The Ontario government made waves on the shores of Lake Huron last month with the announcement that it supports the advancement of the long-term planning and consultation work required to explore nuclear expansion options on the Bruce Power site.
While Energy Minister Todd Smith’s announcement certainly caught the attention of people across the province and throughout our region, it’s clear there’s no way to support the province’s electrification without the current baseload energy the industry provides and there will be no way to keep up with future clean energy needs unless it expands.
On the heels of the announcement, the government released its Powering Ontario’s Growth plan, which outlines how, for the first time since 2005, Ontario’s electricity demand is rising and will continue to rise for decades to come.
According to the Independent Electricity System Operator’s (IESO) Pathways to Decarbonization report, Ontario may need to more than double its electricity generating capacity, from 42,000 megawatts (MW) today to 88,000 MW in 2050. Up to 20,000 MW in capacity may be needed just to replace generation that will come to the end of its life or be phased out over the next three decades.
The growth plan outlines the need for diverse electricity system to be able to meet Ontario’s clean-energy goals going forward, including nuclear, hydroelectric (including pumped storage), natural gas, solar, wind and bioenergy.
With more than 20 years of experience as a nuclear operator, Bruce Power is uniquely positioned to play an integral role in addressing the province’s growing clean-energy needs. The Bruce site already provides 30 per cent of Ontario’s clean energy but also comes with a large body of environmental research, significant space for expansion, existing transmission corridors, strong community support and an experienced workforce.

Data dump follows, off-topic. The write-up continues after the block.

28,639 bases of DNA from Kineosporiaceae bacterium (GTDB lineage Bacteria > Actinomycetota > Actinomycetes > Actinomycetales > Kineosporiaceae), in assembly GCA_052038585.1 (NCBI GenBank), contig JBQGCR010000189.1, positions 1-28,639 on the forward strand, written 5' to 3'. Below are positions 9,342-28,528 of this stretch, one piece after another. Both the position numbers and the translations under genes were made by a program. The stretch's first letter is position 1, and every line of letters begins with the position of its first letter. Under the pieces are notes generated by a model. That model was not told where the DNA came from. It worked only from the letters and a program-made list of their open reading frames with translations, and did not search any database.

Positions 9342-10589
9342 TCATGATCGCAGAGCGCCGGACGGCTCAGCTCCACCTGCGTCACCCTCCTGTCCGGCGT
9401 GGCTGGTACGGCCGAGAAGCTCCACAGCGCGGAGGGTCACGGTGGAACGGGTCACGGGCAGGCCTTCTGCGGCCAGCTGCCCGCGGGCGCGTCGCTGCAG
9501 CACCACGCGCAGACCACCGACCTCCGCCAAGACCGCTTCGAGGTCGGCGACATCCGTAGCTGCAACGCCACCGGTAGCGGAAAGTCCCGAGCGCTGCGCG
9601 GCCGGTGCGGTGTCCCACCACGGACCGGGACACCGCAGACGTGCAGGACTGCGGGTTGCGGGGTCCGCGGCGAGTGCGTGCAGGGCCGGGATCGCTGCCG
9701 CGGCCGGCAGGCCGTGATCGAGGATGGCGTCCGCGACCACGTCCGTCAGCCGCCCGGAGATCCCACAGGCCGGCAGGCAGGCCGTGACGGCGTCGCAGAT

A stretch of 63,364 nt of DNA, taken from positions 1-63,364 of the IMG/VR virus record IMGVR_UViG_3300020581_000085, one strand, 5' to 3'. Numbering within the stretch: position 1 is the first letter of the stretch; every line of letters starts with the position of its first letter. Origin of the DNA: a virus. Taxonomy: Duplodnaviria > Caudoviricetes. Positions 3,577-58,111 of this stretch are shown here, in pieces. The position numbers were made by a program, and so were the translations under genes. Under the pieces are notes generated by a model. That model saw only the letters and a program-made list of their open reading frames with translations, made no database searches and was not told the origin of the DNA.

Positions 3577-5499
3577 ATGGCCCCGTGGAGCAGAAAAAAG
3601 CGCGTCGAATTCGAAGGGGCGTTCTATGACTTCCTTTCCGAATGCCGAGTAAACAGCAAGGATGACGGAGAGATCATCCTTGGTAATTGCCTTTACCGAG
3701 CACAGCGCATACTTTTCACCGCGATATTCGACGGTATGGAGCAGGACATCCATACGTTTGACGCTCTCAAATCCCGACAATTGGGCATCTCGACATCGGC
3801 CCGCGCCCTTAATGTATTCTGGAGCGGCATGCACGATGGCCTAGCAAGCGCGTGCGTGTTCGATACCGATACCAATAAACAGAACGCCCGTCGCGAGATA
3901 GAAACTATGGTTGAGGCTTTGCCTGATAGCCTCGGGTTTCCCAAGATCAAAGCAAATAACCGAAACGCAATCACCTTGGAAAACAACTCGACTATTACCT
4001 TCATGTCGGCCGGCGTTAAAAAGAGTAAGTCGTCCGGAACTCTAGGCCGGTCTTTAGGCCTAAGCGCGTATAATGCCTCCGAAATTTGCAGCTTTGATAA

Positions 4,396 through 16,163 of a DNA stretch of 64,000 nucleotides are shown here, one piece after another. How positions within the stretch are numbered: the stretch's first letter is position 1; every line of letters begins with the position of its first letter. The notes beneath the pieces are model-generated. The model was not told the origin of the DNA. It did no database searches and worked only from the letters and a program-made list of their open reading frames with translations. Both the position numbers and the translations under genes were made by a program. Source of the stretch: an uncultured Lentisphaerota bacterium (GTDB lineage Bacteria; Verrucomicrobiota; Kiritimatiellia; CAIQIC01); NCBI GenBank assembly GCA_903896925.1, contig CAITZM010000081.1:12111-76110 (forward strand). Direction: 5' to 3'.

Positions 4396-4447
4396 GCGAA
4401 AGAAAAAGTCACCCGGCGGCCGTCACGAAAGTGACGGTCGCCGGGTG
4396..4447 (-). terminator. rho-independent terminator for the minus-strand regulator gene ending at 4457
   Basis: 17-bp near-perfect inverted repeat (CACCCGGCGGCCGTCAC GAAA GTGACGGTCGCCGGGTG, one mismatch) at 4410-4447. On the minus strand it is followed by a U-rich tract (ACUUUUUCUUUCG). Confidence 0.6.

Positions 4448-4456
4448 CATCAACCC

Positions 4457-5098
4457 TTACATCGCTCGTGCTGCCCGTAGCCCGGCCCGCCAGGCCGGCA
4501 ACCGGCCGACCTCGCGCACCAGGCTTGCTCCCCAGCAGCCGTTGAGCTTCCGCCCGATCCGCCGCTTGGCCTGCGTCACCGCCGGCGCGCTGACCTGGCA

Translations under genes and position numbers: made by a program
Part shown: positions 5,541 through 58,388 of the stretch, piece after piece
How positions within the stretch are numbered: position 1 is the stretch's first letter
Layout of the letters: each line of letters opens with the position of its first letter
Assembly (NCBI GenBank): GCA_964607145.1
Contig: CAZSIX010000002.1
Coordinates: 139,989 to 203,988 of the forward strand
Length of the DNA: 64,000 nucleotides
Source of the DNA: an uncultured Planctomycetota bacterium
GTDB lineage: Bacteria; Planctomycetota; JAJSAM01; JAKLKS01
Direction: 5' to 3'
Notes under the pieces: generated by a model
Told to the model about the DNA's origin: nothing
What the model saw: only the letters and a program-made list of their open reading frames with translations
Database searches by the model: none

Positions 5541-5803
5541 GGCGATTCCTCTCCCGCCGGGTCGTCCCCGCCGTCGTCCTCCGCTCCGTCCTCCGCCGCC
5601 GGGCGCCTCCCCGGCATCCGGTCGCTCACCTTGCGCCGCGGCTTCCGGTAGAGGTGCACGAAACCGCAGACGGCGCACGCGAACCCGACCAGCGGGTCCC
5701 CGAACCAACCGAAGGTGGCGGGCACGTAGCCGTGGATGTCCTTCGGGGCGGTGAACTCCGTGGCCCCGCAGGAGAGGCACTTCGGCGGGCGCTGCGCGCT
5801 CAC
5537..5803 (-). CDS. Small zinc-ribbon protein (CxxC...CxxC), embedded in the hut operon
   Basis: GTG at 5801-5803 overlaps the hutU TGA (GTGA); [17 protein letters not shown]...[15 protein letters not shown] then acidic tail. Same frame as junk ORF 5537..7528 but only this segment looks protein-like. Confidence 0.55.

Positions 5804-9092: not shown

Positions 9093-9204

Of course, the planning for a new nuclear build would include a great deal of time, effort and community input on the impacts this will have in our region, including meaningful involvement and consultation with the communities that surround the Bruce site and the Indigenous communities who have inhabited this territory since time immemorial.
And that’s what we’re going to do.
While in its infancy, planning for the possibility for a new nuclear build in the Clean Energy Frontier region of Bruce, Grey, and Huron counties has the potential to drive economic growth and prosperity, good jobs and lead the charge in supporting the province’s future clean-energy needs.
As the Hon. Lisa Thompson, Minister of Agriculture, Food and Rural Affairs, and MPP for Huron-Bruce said following our July 5 announcement, “the benefits of and belief in nuclear energy are truly generational in mid-western Ontario. These consultations are an integral step in facilitating further growth of our clean energy sector, creating good jobs close to home and ensuring Ontarians have an energy supply they can depend on.”